Grand Finale Fittingly Painful

Charles Woodson and Donald Driver finally have their Super Bowl rings but they had to watch from the sideline on Sunday. Woodson broke his collarbone and Driver had a boot on his left ankle. The joy outweighed the pain for the two proud veterans.

ARLINGTON, Texas – Charles Woodson, choked up with emotion, had a message for his Green Bay Packers teammates in the locker room at halftime: Just win.

"I could barely get it out," Woodson said. "The emotions were running high. I was very, very angry at the fact that I couldn't go out there and play any longer. I was able to get out that they knew, or understood, what this moment meant to me and just go out and fight. And they did."

That they did, just as they have all season.

With a league-high 91 games lost by starting players and six starters on injured reserve, the Packers defied logic again and again during their late-season run to Super Bowl XLV. With the heart and soul of the defense, Woodson (broken collarbone), and the heart and soul of the offense, Donald Driver (ankle), sidelined before halftime, the Packers dug deep and beat the powerful Pittsburgh Steelers 31-26 on Sunday night.

"It means a lot," said Woodson, who was thrust into – and then embraced – a leadership role down the stretch. "We've accomplished what every man in the NFL wants to accomplish, and that is to win the Super Bowl trophy. For us, we walk those halls everyday at Lambeau and we've seen all the greats. This is our opportunity to get on the wall so it means a great deal to us."

Woodson said he cried at halftime after seeing the X-rays. The Packers were leading 21-3 when he went down while breaking up a deep pass up the left sideline. Moments later, it was 21-10. Woodson, who has lived and breathed this dream for years, didn't want it to slip away.

"I got out a couple of words, just told them that they know how much it means to me," he said. "All season long, guys have stressed how much they wanted me to win it. Why? I don't know, but they have said it and they said the same thing again today. It means a great deal to me for those guys to come out and, to me, express that, and they finally got it done."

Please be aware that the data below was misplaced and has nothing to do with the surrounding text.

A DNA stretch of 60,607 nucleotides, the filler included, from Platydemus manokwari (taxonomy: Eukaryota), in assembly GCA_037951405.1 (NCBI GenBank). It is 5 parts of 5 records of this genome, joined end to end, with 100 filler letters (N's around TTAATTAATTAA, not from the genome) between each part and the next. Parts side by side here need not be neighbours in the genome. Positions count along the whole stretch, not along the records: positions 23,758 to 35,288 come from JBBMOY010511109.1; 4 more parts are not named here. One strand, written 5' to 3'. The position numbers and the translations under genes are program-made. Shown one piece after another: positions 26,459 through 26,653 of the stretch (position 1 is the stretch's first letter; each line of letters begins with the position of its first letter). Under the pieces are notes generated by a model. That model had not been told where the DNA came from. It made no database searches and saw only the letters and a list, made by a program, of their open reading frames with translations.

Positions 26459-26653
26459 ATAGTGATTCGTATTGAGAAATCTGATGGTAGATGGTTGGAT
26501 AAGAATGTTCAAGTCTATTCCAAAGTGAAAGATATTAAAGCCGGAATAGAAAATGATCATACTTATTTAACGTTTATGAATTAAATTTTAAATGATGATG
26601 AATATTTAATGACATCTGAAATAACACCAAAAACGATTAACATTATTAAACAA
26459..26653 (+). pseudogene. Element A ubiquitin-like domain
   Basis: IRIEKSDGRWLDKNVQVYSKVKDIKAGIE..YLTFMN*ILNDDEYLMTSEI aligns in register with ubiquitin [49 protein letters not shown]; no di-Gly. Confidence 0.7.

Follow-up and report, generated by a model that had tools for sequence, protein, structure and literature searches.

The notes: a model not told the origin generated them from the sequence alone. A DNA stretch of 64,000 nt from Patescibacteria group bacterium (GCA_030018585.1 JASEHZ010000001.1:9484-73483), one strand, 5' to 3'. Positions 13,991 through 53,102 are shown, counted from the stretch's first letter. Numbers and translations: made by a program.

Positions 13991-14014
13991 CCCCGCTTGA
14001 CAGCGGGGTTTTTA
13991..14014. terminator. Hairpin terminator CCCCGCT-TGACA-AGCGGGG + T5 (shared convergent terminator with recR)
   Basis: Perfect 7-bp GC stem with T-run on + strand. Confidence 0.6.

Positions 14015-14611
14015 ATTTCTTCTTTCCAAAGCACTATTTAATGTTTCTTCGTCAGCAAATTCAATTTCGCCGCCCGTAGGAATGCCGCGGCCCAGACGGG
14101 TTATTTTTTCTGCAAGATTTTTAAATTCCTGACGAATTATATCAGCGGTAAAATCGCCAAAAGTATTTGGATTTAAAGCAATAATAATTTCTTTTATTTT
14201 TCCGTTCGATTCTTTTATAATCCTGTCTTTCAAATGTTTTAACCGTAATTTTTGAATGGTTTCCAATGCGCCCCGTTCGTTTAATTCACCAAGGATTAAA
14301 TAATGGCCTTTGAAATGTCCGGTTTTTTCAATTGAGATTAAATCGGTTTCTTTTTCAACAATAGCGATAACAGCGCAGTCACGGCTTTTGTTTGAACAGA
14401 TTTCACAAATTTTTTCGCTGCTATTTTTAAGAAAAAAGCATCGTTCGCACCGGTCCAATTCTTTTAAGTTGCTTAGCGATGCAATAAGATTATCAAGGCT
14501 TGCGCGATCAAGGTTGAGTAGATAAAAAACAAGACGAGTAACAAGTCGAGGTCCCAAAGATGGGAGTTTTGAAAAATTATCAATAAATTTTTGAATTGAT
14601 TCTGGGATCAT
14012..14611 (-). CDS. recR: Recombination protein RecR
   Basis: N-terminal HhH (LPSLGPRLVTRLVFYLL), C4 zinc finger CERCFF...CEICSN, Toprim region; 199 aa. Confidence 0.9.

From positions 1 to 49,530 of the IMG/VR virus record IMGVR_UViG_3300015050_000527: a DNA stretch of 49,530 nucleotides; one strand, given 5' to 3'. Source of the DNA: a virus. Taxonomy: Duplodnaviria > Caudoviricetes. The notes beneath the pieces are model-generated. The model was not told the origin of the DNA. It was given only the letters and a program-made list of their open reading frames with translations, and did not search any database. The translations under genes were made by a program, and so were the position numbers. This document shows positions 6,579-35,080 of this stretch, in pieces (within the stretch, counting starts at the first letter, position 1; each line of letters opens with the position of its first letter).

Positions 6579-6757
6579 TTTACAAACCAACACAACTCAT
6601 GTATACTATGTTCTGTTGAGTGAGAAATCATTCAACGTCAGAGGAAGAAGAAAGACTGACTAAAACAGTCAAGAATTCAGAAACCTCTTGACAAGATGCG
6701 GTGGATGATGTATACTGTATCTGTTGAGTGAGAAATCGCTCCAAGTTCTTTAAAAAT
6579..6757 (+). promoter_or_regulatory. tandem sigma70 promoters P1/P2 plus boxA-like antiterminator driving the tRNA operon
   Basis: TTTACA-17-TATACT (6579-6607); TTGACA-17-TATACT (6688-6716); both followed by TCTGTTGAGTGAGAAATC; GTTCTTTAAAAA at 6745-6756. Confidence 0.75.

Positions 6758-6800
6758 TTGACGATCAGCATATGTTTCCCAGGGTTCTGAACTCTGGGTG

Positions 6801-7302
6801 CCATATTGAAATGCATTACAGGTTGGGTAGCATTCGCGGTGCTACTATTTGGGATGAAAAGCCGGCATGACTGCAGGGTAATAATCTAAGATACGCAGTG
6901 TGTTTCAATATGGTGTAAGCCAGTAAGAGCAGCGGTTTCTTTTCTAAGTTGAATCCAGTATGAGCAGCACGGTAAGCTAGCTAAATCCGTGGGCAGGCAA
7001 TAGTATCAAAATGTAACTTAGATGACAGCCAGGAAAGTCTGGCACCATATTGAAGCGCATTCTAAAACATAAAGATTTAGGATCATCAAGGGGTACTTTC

Said Driver: "I was still in the training room. But I heard a bunch of yelling and screaming, so I knew Wood was telling them to go get this thing."

Cullen Jenkins was among the players who said he was inspired by what was said.

"Man, I'll tell you, the message he had for us, it wasn't much but it meant a lot," Jenkins said. "It just really meant a lot."

"There was something in Charles' voice that just touched me," added linebacker Desmond Bishop. "All he could get out was, ‘Man, you don't know how bad I want this.' When he said it, he was choking up. Something about that just inspired me. I grabbed a piece of Wood and I took it with me and I went out there and let it all hang out."

Without Woodson for the second half and Sam Shields for most of the second half, Pat Lee and Jarrett Bush served as the second and third corners. Bush, in particular, had his struggles, but Bush also had an interception that set up a touchdown and they held firm on the Steelers' final drive.

"That's the way it's been the whole year," defensive coordinator Dom Capers said. "That's one of the most gratifying things about this team. Nobody's used that as an excuse. When guys have gone down, we come in and say, ‘Who's going to go in and play?' Those guys that we've put in have made big-time plays for us."

Driver was injured in the second quarter after being stopped about a foot short of a first down. In the locker room after the game, he was wearing a boot on his left ankle. Driver said the doctors tried to tape his ankle for stability but he couldn't jump on it so he was ruled out, against his wishes. The pain, and the disappointment of being injured in the game he's dreamed of playing in for years, did nothing to lessen his joy after the game.

"It's truly amazing. It's truly, truly a blessing," he said. "This is something I've dreamed of for a long time and it's finally here. When that clock was ticking down, I didn't know what to do. I'm glad that I'm now able to say I am part of history."

Without Driver, Nelson had a career game with nine catches for 140 yards. He opened the scoring with a 29-yard touchdown and set up another with a key 38-yard catch-and-run in the fourth quarter.

"He stepped up tremendously," Driver said. "The crazy part is, those guys came in there and saw my eyes they told me, ‘We can't cry because you're crying right now.' So, I told them to go out there and win it all. Jordy stepped up when probably no one expected him to do it. He stepped up and filled my shoes and that's the type of guys you have to have on your team. We have great receivers and that's why I love those guys to death."

In a way, the injuries were a fitting ending to a season in which the Packers lost 1,200-yard rusher Ryan Grant in the opener.

"The team has been very resilient," general manager Ted Thompson said. "Obviously, you take (Woodson and Driver) out of the equation in the second half, you kind of start checking your (lineup) card. This team has been that way, that's the reason it's so special. I think they can stand on their own with all the championship teams that have been here."

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Bill Huber is publisher of Packer Report magazine and and has written for Packer Report since 1997. E-mail him at, or leave him a question in Packer Report's subscribers-only Packers Pro Club forum. Find Bill on Twitter at and Facebook under Bill Huber.

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